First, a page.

Jacobs & Dow, LLC

Call (866) 221-1375 or 203-772-3100 To Arrange A Consultation

Jacobs & Dow, LLC


Decades Of Experience
In Personal Injury, Criminal Law And Other Legal Matters

Why afternoon commutes are more dangerous than morning drives

On Behalf of | Mar 22, 2024 | Car Accidents

There are certain trends about when, where and why motor vehicle collisions occur that become obvious when examining the details of a large number of wrecks. Those trends can influence everyone’s safety in traffic.

Researchers analyze a variety of details about collisions to try to find ways to set better traffic policies or design safer vehicles. Individual drivers can also benefit from that research by identifying certain factors that may increase their risk of a crash. Personal behavior, like texting at the wheel or drug use, can play a major role in collision risk.

When and where someone decides to drive can also directly influence their likelihood of experiencing a crash. For example, those commuting to a first-shift job may benefit from knowing that the possibility of a wreck is much higher on the trip home from work than it is on the way in to work in the morning.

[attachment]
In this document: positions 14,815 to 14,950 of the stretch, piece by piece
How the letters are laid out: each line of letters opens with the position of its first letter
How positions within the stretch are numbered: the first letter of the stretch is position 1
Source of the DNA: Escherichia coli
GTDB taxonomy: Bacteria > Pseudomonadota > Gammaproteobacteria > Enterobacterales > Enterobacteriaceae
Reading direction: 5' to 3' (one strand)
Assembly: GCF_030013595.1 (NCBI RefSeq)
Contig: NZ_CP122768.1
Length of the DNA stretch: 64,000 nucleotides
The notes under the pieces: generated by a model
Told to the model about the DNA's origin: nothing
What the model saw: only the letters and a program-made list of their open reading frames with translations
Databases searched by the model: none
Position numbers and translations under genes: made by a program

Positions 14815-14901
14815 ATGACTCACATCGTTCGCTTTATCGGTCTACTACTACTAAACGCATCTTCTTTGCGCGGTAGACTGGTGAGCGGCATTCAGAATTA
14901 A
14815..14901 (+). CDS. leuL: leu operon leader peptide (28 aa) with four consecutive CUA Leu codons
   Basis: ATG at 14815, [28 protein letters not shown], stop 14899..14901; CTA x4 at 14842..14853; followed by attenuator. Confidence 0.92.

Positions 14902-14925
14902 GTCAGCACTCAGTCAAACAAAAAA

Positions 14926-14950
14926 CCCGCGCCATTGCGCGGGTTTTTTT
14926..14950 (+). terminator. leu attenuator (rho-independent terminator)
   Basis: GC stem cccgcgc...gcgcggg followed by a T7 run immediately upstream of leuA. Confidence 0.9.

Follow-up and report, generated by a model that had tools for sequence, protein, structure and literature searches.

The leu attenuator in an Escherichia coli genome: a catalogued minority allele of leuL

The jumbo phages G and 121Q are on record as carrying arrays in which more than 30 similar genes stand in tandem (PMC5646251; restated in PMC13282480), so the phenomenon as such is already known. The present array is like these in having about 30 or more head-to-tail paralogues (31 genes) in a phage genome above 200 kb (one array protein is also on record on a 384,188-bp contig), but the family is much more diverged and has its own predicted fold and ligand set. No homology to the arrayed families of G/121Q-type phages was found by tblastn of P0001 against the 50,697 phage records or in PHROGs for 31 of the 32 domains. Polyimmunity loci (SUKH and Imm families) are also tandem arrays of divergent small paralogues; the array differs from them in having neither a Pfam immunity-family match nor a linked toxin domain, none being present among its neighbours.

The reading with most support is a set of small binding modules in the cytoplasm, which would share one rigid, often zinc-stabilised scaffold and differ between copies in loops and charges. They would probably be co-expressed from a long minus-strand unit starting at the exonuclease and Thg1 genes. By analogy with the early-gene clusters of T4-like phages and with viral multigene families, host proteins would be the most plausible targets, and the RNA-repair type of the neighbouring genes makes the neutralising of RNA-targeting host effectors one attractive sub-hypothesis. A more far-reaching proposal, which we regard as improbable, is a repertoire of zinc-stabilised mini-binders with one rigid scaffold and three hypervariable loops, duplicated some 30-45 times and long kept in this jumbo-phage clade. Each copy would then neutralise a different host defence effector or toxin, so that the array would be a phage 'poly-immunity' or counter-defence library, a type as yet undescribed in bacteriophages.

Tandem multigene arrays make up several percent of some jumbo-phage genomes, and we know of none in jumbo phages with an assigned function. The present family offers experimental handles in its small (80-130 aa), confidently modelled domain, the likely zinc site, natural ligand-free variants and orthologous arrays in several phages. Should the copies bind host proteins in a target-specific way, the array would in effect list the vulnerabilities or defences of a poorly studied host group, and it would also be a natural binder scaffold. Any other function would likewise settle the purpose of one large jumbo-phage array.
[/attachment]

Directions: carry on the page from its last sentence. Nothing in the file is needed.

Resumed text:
What do the statistics show?

The National Safety Council (NSC) can access federal collision data to identify trends and guide safety policy. When looking at the timing of crashes, any time after the sun sets is the most dangerous time to be on the road according to the NSC.

Nighttime driving carries the highest statistical risk, but it is not the only time of day that sees elevated collision risk. The NSC also highlights the afternoon rush hour on weekdays as a time when collisions are more likely. Between 4:00 p.m. and 7:00 p.m. during the work week, drivers have a significantly elevated chance of a crash when compared with their morning commute.

Factors including the mid-afternoon energy slump, happy hour visits and distraction after work may all contribute to that reported increase in collisions. Although people don’t need to change their work schedules to avoid the afternoon rush hour, they may want to avoid busy streets, increase their following distance or just drive a little slower.

Learning about crash trends can help people focus more on safety at times when their chances of a motor vehicle collision are higher. People who make safety a high priority during particularly dangerous times on the road may reduce their risk of getting into a crash on their way home from work.


FindLaw Network